Atlantis Lost and Found

The Ancient Aegean from Politics to Volcanoes

By: Nicholas Hartmann

Originally Published in 1987

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In addressing the topic of “Atlantis”, which over the years has become a catch-all term for a number of wildly unrelated ideas, my purpose is to sort out fact from fantasy. Let us begin with facts. The word Atlantis and some of the ideas surrounding it originated in the writings of Plato (428-347 B.C.; Fig. I), the Greek political and moral philosopher who was the pupil and successor of Socrates. The specific source is a pair of philosophical works, or dialogues, entitled Timaeus and Critias, two of a planned series of three dialogues written at the end of Plato’s life. At his death, the Critias remained unfinished, and a final dialogue, which would probably have been called the Henna-crates, was never even begun.

These works, building on some of the ideas discussed by Plato in his Republic, presented his conception of the ideal state and the ideal citizen of that state. The Timaeus presents Plato’s view of what the Greeks described as Natural Philosophy—the origin of the universe, cosmology, natural science, the creation and nature of Man, and the nature of the gods. The Critias deals with the exploits of the citizens of Athens (Plato’s own city-state and the cultural center of Classical Greece) during a period preceding a great flood, which was placed 9000 years before Plato’s own time. The events in the Critias, occurring in remote antiquity, are presented as a political and moral paradigm for modern Athens, as a pattern for Plato’s ideal modern state. We do not know what the topic of the final dialogue, the Hermocrates, would have been: it might have been intended to recapitulate the ideas that had been presented in the other two works and draw more explicit moral conclusions.

The passage below is from the Timaeus (24d-25d). The story being told involves Solon, the Archaic Greek law-giver, who is paying a visit to Egypt. There, an Egyptian priest explains to him that, as compared with the Egyptians, the Greeks are mere children in terms of remembering their own past. The Egyptians, he says, preserve histories of the Greeks which they themselves have long ago forgotten, and he tells Solon about one of the great feats of the Athenians, carried out 9000 years ago:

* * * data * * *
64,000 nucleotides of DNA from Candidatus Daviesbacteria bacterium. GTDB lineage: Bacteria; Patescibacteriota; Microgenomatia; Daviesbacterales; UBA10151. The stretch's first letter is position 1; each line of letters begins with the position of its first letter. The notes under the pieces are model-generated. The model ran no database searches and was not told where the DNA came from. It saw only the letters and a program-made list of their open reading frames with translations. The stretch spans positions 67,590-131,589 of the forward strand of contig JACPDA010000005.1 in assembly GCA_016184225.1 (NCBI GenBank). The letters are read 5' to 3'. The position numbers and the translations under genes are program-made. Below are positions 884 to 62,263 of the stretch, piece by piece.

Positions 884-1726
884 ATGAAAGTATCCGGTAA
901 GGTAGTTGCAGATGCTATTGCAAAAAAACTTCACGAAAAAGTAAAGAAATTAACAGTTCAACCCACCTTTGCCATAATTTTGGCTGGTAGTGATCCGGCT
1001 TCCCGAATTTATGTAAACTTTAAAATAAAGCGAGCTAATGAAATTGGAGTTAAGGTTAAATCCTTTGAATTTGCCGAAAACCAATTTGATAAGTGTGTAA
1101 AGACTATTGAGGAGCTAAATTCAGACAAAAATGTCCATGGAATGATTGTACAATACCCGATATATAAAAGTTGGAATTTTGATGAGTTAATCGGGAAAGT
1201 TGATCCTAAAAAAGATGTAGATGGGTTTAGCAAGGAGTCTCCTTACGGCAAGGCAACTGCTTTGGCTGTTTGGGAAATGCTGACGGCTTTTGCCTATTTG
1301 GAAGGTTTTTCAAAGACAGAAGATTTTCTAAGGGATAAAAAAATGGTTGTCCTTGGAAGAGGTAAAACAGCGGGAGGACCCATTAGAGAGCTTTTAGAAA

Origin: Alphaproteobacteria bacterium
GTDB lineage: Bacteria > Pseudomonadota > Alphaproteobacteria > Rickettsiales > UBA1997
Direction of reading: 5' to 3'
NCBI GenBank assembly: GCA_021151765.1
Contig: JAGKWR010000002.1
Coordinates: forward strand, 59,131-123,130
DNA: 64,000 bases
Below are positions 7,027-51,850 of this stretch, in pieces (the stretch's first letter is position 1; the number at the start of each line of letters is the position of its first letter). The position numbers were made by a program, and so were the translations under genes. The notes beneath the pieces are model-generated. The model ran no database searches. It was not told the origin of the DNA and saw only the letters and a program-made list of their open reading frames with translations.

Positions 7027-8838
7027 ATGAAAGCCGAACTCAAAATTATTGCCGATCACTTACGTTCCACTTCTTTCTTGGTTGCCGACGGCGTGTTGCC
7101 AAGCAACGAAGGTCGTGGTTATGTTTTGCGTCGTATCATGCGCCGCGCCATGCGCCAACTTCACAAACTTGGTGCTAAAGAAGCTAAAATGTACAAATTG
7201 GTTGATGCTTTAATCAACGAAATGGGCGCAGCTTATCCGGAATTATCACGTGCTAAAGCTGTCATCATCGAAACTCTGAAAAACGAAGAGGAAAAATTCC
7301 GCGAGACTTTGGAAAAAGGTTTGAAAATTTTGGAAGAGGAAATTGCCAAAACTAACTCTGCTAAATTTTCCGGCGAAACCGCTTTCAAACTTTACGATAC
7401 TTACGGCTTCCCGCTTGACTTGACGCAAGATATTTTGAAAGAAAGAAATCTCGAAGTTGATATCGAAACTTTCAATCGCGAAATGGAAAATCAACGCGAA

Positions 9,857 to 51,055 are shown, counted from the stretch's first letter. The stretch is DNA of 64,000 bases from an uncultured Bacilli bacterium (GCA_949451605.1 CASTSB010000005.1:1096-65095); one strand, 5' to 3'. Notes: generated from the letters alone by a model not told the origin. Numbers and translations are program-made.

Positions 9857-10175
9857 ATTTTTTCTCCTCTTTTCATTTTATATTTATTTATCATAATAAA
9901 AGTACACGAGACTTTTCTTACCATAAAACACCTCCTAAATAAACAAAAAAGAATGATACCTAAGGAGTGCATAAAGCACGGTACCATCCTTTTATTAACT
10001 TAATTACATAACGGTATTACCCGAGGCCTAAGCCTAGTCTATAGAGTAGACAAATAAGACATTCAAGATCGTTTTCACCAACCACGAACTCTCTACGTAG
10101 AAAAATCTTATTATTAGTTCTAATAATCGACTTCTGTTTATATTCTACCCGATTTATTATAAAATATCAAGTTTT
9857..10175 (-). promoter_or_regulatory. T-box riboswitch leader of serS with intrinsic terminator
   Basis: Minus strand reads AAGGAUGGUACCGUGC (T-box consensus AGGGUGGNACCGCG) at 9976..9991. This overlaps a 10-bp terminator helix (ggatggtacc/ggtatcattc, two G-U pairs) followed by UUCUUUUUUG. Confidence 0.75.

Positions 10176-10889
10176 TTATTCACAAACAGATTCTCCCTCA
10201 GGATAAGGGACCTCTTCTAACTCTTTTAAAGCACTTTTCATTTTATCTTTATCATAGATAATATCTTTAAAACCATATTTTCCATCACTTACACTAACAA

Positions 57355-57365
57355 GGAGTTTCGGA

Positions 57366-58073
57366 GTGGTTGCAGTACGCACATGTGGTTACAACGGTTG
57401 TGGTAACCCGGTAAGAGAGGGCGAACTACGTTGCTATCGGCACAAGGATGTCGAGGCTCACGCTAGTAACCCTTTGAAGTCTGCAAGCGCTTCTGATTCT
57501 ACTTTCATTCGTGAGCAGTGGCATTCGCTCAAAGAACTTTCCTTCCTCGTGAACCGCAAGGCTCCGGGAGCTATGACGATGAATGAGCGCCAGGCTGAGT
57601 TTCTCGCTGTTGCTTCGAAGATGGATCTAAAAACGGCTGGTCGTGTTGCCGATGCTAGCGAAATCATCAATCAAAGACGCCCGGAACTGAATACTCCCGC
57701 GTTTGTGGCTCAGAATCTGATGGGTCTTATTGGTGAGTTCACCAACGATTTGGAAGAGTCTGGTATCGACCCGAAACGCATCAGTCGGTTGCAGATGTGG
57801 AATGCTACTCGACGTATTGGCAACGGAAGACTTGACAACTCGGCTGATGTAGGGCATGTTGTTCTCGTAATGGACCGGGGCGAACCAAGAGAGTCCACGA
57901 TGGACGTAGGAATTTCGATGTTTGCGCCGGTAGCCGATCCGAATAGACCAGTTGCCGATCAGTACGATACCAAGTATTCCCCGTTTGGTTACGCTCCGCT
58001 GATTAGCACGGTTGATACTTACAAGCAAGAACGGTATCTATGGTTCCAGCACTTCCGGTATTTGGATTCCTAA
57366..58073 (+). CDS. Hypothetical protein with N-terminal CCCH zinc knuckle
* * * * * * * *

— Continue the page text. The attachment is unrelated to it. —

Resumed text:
Many great and wonderful deeds are recorded of your state in our histories, but one of them exceeds all the rest in greatness and valor. For these histories tell of a mighty power which unprovoked made an expedition against the whole of Europe and Asia, and to which your city put an end. This power came forth out of the Atlantic Ocean, for in those days the Atlantic was navigable; and there was an island situated in front of the Straits [Strait of Gibraltar] which are by you called the Pillars of Heracles; the island was larger than Libya and Asia put together…. Now in this island of Atlantis there was a great and wonderful empire which had rule over the whole island and several others, and over parts of the continent, and, furthermore, the men of Atlantis had subjected the parts of Libya within the columns of Heracles as far as Egypt, and of Europe as far as Tyrrhenia [west coast of Italy]. This vast power, gathered into one, endeavored to subdue at a blow our country [Egypt] and yours [Athens] and the whole of the region within the Straits; and then, Solon, your country shone forth, in the excellence of her virtue and strength, among all mankind. She was pre-eminent in courage and military skill, and was the leader of the Hellenes. And when the rest fell off from her, being compelled to stand alone, after having undergone the very extremity of danger, she defeated and triumphed over the invaders, and preserved from slavery those who were not yet subjugated, and generously liberated all the rest of us who dwell within the pillars. But afterwards there occurred violent earthquakes and floods; and in a single day and night of misfortune all your warlike men in a body sank into the earth, and the island of Atlantis in like manner disappeared in the depths of the sea. For which reason the sea in those parts is impassable and impenetrable, because there is a shoal of mud in the way; and this was caused by the subsidence of the island.